- Oct 2010
I have never see oe till tonight.
June 2019 has been a beautiful month so far for seeing noctilucent – or night-shining – clouds. The Facebook group Noctilucent Clouds Around the World has been buzzing with sightings, and loaded with photos, and we’ve also heard from people who sighted the clouds this month from farther south than usual, including some sightings from as far south as Oklahoma. Spaceweather.com reported a big outbreak of the clouds on June 8 and 9, saying:
… many people who have never previously heard of noctilucent clouds … found themselves eagerly taking pictures of them – from moving cars, through city lights, using cell phones and iPads.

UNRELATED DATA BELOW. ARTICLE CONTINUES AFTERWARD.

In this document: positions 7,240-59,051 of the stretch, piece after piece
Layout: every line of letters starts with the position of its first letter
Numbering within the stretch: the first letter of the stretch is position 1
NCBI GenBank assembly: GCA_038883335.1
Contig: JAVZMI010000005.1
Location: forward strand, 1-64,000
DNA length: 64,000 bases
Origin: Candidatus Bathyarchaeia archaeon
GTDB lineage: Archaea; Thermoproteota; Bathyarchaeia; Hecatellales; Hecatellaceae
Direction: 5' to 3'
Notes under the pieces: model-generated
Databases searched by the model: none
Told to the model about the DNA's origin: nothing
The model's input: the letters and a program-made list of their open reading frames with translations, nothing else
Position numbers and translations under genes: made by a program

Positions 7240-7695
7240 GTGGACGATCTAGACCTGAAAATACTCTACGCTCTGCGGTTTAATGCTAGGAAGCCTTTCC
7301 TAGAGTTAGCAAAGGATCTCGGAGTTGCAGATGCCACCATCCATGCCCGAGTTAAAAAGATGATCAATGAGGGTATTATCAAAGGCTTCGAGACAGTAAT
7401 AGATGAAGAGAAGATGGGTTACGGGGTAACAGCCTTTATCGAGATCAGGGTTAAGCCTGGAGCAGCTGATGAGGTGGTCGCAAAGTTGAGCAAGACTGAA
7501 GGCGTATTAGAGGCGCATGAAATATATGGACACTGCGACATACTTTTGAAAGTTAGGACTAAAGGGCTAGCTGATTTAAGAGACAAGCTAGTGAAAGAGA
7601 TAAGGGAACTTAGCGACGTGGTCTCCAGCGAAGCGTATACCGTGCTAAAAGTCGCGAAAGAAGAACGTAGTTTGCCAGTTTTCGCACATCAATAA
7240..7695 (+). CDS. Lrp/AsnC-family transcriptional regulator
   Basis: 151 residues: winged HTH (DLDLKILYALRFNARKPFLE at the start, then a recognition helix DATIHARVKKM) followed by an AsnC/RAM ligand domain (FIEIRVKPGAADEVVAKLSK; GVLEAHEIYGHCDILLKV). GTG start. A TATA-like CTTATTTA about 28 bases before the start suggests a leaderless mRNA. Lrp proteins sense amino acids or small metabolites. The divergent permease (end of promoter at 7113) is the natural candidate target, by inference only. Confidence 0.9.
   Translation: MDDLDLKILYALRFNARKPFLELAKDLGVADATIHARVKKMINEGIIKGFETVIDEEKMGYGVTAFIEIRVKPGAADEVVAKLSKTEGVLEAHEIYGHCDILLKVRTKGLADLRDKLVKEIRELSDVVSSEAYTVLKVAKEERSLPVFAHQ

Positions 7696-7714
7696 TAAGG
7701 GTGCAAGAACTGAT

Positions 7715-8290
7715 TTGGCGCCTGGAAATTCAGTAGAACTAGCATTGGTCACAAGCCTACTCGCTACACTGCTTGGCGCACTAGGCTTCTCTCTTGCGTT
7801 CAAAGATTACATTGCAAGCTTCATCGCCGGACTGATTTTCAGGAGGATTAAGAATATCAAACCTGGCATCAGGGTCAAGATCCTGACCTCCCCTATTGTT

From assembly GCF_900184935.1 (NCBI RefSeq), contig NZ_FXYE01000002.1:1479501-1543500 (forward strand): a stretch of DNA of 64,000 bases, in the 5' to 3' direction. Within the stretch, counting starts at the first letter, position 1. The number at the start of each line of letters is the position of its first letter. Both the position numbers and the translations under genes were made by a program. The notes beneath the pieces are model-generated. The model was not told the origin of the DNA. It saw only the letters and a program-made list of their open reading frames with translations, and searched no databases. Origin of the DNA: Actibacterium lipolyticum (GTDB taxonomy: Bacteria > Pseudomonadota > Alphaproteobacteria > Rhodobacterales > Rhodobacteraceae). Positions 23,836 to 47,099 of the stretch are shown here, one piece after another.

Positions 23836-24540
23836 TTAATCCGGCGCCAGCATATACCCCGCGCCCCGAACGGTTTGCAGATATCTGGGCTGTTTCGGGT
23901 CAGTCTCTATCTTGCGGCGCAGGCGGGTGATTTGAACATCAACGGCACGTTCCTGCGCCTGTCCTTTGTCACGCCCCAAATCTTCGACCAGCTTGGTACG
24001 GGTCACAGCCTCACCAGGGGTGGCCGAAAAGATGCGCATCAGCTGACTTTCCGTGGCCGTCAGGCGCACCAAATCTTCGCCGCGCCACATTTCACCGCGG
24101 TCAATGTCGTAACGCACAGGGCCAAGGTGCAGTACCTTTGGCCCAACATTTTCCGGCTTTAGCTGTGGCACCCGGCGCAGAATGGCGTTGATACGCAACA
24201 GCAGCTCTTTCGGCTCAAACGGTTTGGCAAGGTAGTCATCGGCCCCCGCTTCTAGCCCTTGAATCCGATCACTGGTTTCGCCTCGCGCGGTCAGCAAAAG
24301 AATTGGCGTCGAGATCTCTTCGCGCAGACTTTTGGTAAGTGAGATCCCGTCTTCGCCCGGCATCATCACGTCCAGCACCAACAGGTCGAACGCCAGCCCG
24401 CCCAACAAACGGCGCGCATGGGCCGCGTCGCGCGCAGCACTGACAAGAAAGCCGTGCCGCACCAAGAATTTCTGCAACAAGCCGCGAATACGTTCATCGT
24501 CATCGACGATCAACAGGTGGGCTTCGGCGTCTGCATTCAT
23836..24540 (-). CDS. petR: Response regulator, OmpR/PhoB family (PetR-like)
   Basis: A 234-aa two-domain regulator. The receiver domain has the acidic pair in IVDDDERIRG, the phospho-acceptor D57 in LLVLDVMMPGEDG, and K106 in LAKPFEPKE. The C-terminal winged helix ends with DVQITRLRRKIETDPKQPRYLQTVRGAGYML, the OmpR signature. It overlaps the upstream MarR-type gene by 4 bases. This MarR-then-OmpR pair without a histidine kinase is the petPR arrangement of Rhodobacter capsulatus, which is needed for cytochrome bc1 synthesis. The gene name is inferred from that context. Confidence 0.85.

On June 8 and 9, people were reporting more southerly than usual sightings of the electric-blue clouds, but, really, this whole month has been fine for seeing them.
What are these clouds? They’re seeded by dust from meteors. They’re the highest clouds in Earth’s sky, floating more than 50 miles (80 km) above Earth’s surface. You know how – at the end of day – a high mountaintop may be the last thing illuminated by sunlight? So it is with these clouds. Sunlight can be striking them when it has long set for us on Earth’s surface, and thus they are noctilucent (noct + lucent = visible or glowing at night). Plus the clouds are cold and contain ice crystals. When sunlight strikes them, they shimmer and glow with a bright blue color.
Once seen only at high latitudes – relatively close to Earth’s poles – scientists have said the clouds have been edging southward in recent years. No one knows why.
More: Noctilucent Clouds